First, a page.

A critical look at the Balfour demonstrations

Demonstrators protest the government's mismanagement of the fight against COVID-19 and demand the resignation of Prime Minister Benjamin Netanyahu in front of his Jerusalem residence, Aug. 29, 2020. (photo credit: MOSTAFA ALKHAROUF/ANADOLU AGENCY VIA GETTY IMAGES)
Demonstrators protest the government's mismanagement of the fight against COVID-19 and demand the resignation of Prime Minister Benjamin Netanyahu in front of his Jerusalem residence, Aug. 29, 2020.
Only once in my life did I participate in a mass demonstration: the demonstration that took place at Kings of Israel Square (today the Rabin Square) in Tel Aviv on September 25, 1982. The demonstration, protesting Israel’s alleged involvement in the massacre in the Sabra and Shatila Palestinian refugee camp in Beirut by Christian Phalangists toward the end of Operation Peace for the Galilee, called for the resignation of then-defense minister Ariel Sharon. Following the demonstration, a National Commission of Inquiry was appointed, which found that Israel had not been directly involved in the massacre but had enabled it to happen, and recommended that Sharon be removed from office. In this the protesters were successful.
The demonstration was attended by over 200,000 persons, and it was there that I discovered that I didn’t feel comfortable in a large mass of people, even if I fully sympathized with what they were demonstrating about.
Though friends keep inviting me to join the current demonstrations near the Prime Minister’s Residence on Balfour Street in Jerusalem, I keep declining, even though I fully support the call for the prime minister’s immediate resignation, which is the main motif of these demonstrations.
The four main reasons for my support are that I believe: 
• No prime minister should continue to serve if he faces indictments on criminal charges;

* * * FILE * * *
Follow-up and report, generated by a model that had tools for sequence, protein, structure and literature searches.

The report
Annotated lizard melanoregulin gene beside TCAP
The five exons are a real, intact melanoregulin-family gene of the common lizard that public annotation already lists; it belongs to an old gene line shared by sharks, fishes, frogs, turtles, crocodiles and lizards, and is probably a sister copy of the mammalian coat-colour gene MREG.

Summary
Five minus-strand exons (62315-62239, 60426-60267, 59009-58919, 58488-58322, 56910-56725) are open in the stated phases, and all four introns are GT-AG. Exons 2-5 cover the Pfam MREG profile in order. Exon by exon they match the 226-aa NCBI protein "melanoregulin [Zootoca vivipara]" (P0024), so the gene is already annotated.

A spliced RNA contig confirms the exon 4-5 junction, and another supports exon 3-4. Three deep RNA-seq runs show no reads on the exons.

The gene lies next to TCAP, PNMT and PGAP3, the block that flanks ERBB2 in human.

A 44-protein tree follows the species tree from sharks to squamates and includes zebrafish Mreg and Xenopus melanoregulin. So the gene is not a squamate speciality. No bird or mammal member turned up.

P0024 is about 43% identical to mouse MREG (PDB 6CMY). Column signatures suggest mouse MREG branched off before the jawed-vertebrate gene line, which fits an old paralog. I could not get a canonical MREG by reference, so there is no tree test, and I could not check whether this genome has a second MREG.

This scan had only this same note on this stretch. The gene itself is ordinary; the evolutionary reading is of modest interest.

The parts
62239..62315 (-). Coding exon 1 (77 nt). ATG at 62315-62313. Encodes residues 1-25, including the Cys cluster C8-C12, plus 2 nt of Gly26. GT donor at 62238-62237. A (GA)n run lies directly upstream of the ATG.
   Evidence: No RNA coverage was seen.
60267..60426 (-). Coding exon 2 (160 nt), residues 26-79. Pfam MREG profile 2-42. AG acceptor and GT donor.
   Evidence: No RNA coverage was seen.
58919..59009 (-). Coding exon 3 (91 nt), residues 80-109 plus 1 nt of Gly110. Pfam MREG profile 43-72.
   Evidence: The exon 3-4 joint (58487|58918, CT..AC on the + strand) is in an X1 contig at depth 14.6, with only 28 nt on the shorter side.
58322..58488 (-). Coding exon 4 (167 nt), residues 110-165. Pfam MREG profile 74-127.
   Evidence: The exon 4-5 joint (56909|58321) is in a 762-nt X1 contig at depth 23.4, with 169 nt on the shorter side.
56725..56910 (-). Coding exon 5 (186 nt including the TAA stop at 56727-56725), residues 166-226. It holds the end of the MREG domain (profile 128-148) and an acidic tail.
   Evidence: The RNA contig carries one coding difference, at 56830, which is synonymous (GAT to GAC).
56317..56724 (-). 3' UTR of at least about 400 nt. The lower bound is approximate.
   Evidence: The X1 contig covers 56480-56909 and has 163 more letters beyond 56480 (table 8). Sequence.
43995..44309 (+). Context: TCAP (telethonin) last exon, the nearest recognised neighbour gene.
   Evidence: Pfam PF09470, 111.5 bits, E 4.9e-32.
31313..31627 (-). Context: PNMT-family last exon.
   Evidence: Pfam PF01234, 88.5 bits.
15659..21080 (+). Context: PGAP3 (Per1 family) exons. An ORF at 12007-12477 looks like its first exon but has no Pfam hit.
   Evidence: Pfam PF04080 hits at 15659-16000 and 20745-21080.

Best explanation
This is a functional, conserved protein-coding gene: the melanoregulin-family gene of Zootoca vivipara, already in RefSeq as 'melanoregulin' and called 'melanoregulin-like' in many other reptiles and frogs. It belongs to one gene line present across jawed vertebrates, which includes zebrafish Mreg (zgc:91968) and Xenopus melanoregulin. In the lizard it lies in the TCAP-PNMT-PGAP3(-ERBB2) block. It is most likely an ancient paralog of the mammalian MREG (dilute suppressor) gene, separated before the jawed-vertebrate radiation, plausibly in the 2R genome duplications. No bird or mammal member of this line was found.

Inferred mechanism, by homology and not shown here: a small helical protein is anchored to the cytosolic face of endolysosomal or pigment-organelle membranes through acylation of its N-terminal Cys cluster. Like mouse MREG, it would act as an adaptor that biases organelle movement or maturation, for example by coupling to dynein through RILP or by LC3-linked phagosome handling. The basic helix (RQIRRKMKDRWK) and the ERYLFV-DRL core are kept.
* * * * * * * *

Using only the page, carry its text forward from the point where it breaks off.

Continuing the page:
Netanyahu has crossed the red line of what can be considered as proper and stately in his unbridled attacks on the police, State Attorney’s Office, the Attorney General, and the Jerusalem District Court and Supreme Court judges; 
• He seems to have lost all sense of judgment regarding what is true and what is false in his utterings in his speeches, declarations to the nation, tweets and other social media comments (he is almost as bad as US President Donald Trump in this respect); and 
• He has demonstrated a total absence of leadership and decision-making qualities required to deal with the current health and economic crises. 
In short, despite all his achievements in the past, including the most recent one of bringing about a normalization in Israel’s relations with two of the Gulf states, with Trump’s generous input, Bibi seems to be “losing it.”
HOWEVER, beyond the legitimacy of the demonstrations and of their main goal, and the importance of defending the basic democratic right to demonstrate, there are several aspects of the demonstrations that disturb me.
The first is the fact that all sorts of individuals and groups have joined the demonstrations, who are furious with Netanyahu for reasons completely different to those of the majority of participants, and are simply taking advantage of the visibility of the demonstrations and the media coverage they get, in order to draw attention to their own causes.
A good example is that of the Breslavs, who are furious with Netanyahu for having allegedly colluded with Prof. Ronni Gamzu – the national corona project manager – to prevent their travel to Uman in the Ukraine on the New Year, because of the pandemic. The Breslavs are not concerned about Netanyahu’s trials, his attacks on the law enforcement agencies, his constant lies, broken promises, or his total failure to stop the spread of the virus (to which they mindlessly contribute), or to counter the horrendous economic consequences of the lockdown imposed on the economy in the first stage of the pandemic (which will soon repeat themselves in the second lockdown to begin on Friday). They have come to the demonstrations to protest against the attempts to stop their going to Uman, and now perhaps also because of plans to prevent mass prayers in Israel during the approaching High Holidays. Many of the demonstrators are furious with the Breslavs (and other ultra-Orthodox groups) for sabotaging efforts to bring down th